How do we break down barriers in physical spaces?

While globalisation breaks down geographic, cultural and economic borders, it impacts our everyday lives in many ways, creating new opportunities, but also new insecurities. It’s becoming more and more difficult to see, let alone adapt to the changes it is having on our local economies and our local communities.

What does local mean when the shop window of an eBay trader is closer to you on your laptop than the independent clothes store down your high street?

Who’s got more foreign workers in their town, the village with a high influx of immigrants or the suburb whose main employer has off-shored its factory to India? Who has a more multicultural experience, the kid going to school in Brick Lane or the gamer from Shropshire learning Minecraft with children from across the world?

Not knowing how to navigate a world constantly redefined, many people become tempted by physical, economic and cultural borders to protect themselves from what they can’t control nor understand — from immigration controls to gated communities.

As Karen Malone argues: ‘All boundaries, whether national, global or simply street names on a road map are socially constructed. They are as much the products of society as are other social relations that mark the landscape.’

Despite the opportunities globalisation creates, only some have the capabilities to re-shape these borders. There are corporate powers who blur the boundaries between private and common goods, asset stripping our natural, digital and economic resources. We see energy companies fracking our environment, technology agencies exploiting our data and supermarkets hoarding our land. By doing this, they prevent the rest of society from using these resources to develop new forms of common goods. As the concept of the commons has been revived, it’s timely to reflect that it was the Inclosures Act that destroyed commoning, by creating boundaries around space.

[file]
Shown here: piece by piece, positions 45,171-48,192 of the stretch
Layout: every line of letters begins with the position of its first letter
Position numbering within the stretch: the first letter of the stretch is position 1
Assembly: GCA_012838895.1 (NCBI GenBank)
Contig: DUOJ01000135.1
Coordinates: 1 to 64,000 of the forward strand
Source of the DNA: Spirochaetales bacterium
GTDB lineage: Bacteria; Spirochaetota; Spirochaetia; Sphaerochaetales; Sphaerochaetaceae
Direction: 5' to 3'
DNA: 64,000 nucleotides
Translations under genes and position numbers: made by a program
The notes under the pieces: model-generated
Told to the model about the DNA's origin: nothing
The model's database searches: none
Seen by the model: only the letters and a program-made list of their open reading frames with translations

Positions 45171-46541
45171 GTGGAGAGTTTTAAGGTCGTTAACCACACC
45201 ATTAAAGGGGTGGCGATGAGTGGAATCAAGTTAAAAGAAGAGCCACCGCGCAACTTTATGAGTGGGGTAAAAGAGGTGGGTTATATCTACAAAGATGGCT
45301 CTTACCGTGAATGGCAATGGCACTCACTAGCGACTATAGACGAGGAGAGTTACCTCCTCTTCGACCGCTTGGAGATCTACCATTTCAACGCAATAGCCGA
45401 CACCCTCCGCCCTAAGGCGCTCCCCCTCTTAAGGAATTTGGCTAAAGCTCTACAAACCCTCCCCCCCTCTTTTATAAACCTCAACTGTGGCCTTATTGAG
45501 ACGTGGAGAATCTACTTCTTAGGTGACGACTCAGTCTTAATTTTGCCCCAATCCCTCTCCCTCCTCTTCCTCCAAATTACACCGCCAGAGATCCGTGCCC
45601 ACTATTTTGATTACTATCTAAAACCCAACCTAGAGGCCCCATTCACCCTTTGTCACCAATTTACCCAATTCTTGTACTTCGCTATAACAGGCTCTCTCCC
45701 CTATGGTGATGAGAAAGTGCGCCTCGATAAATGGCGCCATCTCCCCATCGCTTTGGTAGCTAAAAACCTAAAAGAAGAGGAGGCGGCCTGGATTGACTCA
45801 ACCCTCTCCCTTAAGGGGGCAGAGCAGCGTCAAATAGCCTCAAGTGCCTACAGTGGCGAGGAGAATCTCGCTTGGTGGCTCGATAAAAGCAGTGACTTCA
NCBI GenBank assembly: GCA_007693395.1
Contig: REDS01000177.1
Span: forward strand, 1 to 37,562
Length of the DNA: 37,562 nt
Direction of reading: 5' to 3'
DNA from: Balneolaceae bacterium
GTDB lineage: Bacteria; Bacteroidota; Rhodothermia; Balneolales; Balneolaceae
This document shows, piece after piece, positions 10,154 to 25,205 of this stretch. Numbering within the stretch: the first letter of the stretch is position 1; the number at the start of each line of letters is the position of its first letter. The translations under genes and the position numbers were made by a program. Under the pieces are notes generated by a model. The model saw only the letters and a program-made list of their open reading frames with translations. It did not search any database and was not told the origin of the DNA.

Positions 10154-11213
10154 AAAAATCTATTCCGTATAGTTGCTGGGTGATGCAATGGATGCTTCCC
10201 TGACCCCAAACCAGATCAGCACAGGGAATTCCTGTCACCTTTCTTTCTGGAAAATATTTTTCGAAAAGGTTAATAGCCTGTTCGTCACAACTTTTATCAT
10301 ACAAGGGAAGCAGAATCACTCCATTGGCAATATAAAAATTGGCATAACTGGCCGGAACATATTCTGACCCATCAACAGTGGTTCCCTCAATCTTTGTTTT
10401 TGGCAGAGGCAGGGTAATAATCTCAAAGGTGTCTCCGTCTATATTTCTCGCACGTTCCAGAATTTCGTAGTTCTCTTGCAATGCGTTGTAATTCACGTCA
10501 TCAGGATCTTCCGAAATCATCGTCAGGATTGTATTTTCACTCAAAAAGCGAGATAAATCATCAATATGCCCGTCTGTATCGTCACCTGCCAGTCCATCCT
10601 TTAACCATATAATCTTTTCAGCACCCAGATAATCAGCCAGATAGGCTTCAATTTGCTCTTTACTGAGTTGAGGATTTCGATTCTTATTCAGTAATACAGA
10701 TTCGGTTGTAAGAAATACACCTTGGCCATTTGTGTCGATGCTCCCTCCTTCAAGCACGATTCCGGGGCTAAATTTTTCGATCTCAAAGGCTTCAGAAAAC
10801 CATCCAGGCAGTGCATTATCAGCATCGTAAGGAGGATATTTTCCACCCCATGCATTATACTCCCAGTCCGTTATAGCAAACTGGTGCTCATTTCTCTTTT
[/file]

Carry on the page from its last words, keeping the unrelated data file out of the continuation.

Even at a very local level, something as benign as an administrative boundary can have deadly consequences. Type ‘gang map’ into Google and see if a gang controls the area where you live. Mine is at the intersection of the ‘territories’ of three different gangs! For them, geography is both a symbol of power and threat — many young people are very scared of crossing into different postcodes.

There lies the biggest frontier, between those who reshape borders and those reshaped by them. But there are methods we can learn from that people use to cross invisible and physical boundaries within public space. Learning from these can help others reshape the borders that restrict them.

1. Understand how people experience borders

2. Map the impact of borders and intersections on people’s lives

3. Bridging borders to make public spaces more inclusive

4. Subverting borders to show new ways of living

However, there are people subverting the systems that define the boundaries of our public spaces, from ‘chair bombing‘ parking spaces to protest against not being able to sit on the sidewalk to turning foreclosure adverts into ways to let people know where to squat. In some cases, citizens are creating their own boundaries to show the authorities the solutions needed, like creating their own ‘guerrilla bike lanes‘.

If we can learn to see the invisible and physical borders that people experience in our neighbourhoods, we can design and open up public spaces to be more accessible and inclusive for everyone to feel the space is theirs.

How could we repurpose this for Covid 19 where when we move out of lockdown we rethink the use of public spaces?

Head of Strategy (Communities) @camdencouncil #localgov Director @euroalter Co-founder of #systemschange & #servicedesign progs. inspired by @cescaalbanese